Cow housing has many options to fit the needs of each dairy farm and each design takes special management. Tie-stall barns have been a traditional way of housing smaller herds (less than 100 cows) in the Midwest. Tie-stalls require more human labor because not only is feed carried to the cows, but the milking equipment is brought to the cows instead of moving the cows to a parlor. Bed pack or compost barns provide excellent comfort to cows. These facilities are often used in calving areas or special needs pens within a barn where cows may benefit from extra bedding. Typically straw or cornstalks are used, but some farms also have the ability to utilize wood chips/shavings or even separated solids (a portion of the manure that undergoes a drying process). The bedded area is typically monitored daily to ensure hygiene and health, and may be tilled, drug, or more bedding added depending on the type of material used to make the bed-packed area. Another type of cow housing is called a free-stall design, which has long rows of individual lying areas for cows to rest. Different materials are used to create a comfortable bed for the cows including: rubber mats, sand, separated solids, or even water beds. Each of these types of beds has different input costs upfront and require varying degrees of management daily to ensure cow comfort and health.

Ventilation
Ventilation in a dairy barn is critical to the health of the cattle. Three barn designs were mentioned: natural, tunnel, and cross ventilation. Natural ventilation relies on the wind to blow through the barn to exchange the air inside. In naturally ventilated barns, additional mixing fans and sprinklers are used to cool cows in the summer. Tunnel ventilation places fans on one of the short ends of the barn to pull air through the entire length of the barn. Tunnel ventilated barns are long and narrow in design. In contrast, cross ventilated barns place fans along one of the long ends of the barn to pull air across the width of the barn. Cross ventilated barns use baffles, or walls or curtains extending from the ceiling to mid-barn height, to push air down to cow level instead of air moving at rafter height. Each of these barn designs help cows stay warm in the winter and cool in the summer while they produce our milk.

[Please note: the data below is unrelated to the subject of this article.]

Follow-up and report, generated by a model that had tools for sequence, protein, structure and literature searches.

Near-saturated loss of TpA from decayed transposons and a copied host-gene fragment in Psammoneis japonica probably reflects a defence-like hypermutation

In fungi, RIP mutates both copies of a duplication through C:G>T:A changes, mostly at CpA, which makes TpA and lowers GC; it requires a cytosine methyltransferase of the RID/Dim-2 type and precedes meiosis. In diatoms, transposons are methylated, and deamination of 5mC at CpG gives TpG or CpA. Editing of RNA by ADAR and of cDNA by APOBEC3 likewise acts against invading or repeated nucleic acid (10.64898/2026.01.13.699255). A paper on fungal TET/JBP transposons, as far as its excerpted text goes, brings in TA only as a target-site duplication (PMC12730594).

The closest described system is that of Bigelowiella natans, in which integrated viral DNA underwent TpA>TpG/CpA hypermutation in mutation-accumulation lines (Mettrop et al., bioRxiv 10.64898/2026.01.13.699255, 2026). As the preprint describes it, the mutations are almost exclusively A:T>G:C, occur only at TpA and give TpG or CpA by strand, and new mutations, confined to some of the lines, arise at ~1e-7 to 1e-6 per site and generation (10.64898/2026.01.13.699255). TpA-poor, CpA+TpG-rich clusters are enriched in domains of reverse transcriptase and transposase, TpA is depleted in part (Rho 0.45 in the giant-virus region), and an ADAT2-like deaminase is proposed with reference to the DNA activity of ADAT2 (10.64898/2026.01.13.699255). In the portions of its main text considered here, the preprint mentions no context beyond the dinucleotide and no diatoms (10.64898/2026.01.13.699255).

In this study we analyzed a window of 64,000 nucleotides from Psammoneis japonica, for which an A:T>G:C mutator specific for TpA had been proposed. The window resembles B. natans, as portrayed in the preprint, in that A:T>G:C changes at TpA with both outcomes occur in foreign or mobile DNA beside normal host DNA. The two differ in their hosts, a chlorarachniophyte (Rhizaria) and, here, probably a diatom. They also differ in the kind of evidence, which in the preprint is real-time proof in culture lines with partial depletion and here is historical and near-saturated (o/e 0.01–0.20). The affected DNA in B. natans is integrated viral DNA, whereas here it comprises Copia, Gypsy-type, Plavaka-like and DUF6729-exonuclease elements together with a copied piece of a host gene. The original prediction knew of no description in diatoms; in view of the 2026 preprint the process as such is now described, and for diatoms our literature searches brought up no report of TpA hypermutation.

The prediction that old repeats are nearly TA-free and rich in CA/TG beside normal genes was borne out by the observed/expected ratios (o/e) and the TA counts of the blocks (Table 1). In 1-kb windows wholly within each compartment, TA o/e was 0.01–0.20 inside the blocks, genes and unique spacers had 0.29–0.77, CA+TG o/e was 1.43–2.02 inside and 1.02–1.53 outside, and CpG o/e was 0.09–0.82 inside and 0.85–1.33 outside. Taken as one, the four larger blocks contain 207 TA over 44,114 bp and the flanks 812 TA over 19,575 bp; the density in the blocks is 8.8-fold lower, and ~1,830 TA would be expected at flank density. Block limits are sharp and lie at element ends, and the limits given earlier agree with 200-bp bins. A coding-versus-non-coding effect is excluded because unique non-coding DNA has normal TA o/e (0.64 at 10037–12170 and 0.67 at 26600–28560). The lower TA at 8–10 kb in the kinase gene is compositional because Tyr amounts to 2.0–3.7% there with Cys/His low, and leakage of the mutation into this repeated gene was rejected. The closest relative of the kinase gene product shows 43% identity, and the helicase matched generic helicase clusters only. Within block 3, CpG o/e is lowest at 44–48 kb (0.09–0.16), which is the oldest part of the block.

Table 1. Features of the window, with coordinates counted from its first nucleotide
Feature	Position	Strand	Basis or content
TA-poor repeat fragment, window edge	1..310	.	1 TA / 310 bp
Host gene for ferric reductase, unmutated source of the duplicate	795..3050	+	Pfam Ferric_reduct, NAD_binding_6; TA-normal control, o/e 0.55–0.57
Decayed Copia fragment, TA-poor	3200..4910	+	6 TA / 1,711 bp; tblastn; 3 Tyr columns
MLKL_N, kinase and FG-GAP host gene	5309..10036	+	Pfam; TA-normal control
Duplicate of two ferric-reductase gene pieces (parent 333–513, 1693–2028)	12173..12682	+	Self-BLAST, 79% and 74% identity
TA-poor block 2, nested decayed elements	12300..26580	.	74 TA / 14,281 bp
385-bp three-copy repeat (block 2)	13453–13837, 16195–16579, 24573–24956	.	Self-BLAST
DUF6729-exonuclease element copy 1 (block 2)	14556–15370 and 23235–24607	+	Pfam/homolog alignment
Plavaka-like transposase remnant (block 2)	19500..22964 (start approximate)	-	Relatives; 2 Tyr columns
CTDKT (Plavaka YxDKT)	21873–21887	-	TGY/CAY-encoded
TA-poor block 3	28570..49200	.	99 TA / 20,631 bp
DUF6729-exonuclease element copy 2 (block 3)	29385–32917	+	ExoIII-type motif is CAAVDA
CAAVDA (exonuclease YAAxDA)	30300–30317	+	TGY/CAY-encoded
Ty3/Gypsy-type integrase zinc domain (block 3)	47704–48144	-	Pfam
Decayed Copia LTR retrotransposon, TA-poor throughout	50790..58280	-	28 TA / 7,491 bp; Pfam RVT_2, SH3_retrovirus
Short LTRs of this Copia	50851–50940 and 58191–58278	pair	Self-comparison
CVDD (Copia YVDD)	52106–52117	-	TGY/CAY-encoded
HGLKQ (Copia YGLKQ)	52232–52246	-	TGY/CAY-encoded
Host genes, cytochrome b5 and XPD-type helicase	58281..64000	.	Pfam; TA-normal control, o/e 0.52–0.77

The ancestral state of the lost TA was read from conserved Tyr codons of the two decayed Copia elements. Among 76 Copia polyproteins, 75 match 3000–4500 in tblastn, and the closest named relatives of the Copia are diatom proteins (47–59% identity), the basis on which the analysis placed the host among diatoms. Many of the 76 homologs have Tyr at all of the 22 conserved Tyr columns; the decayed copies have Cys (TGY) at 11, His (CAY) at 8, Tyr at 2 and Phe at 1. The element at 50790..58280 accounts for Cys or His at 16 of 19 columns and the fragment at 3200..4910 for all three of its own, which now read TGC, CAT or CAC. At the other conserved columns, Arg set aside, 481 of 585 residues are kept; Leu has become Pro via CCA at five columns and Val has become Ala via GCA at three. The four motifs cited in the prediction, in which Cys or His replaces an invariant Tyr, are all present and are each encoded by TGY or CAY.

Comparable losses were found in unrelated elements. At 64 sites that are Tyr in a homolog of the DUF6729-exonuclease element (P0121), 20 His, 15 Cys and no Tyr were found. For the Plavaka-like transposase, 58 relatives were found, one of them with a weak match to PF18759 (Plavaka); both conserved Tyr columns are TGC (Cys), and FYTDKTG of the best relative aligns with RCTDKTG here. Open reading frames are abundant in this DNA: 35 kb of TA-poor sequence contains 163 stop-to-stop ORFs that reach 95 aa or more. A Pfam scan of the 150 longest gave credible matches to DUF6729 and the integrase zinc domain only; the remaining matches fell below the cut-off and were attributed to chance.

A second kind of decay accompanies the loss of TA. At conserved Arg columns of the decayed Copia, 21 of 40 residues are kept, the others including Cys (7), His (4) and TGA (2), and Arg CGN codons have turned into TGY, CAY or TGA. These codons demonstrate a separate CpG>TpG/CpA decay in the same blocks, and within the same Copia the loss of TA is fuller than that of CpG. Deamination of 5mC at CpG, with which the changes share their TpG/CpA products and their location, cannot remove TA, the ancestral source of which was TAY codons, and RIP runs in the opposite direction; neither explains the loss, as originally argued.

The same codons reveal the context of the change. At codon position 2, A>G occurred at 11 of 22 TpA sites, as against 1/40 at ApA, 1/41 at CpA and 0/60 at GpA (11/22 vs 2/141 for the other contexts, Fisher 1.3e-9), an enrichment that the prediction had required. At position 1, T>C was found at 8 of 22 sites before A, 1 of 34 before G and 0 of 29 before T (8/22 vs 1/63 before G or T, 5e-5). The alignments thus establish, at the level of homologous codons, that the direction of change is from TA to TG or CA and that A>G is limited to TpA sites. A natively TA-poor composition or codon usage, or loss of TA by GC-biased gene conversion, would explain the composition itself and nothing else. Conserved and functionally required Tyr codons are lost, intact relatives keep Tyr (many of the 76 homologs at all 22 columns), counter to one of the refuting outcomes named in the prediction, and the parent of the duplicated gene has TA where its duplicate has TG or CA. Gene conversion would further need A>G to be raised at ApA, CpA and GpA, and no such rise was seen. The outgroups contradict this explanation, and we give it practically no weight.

Milking Parlors
Milking parlors have also changed over time. Robotic milkers are gaining popularity even on small dairies. Each robot can milk 50 to 65 cows and typically costs around $200,000. Rotary parlors allow large dairies to have efficient milking routines with fewer employees. Most of the farms in the Midwest use parallel or herringbone parlors.

In Summary

Today’s dairy cows bless us with an abundant supply of dairy products and meat. In return, dairymen continue to implement top-notch management practices and provide cows with the best, most comfortable barns.

Animal Care Wednesday Webinars

To listen to this and past webinars, visit the animal care resource website. For more information about upcoming Animal Care Wednesday Webinars, please contact Heidi Carroll.

The next Animal Care Wednesday Webinar is October 4, 2017 at 11:00 am (CST). To join webinars, log in to the Zoom Meeting a few minutes prior to the start of the webinar.


If you have questions about dairy barn designs and facilities, please contact Jim Salfer. For additional information regarding dairy topics in South Dakota and the region, please contact Tracey Erickson or Maristela Rovai.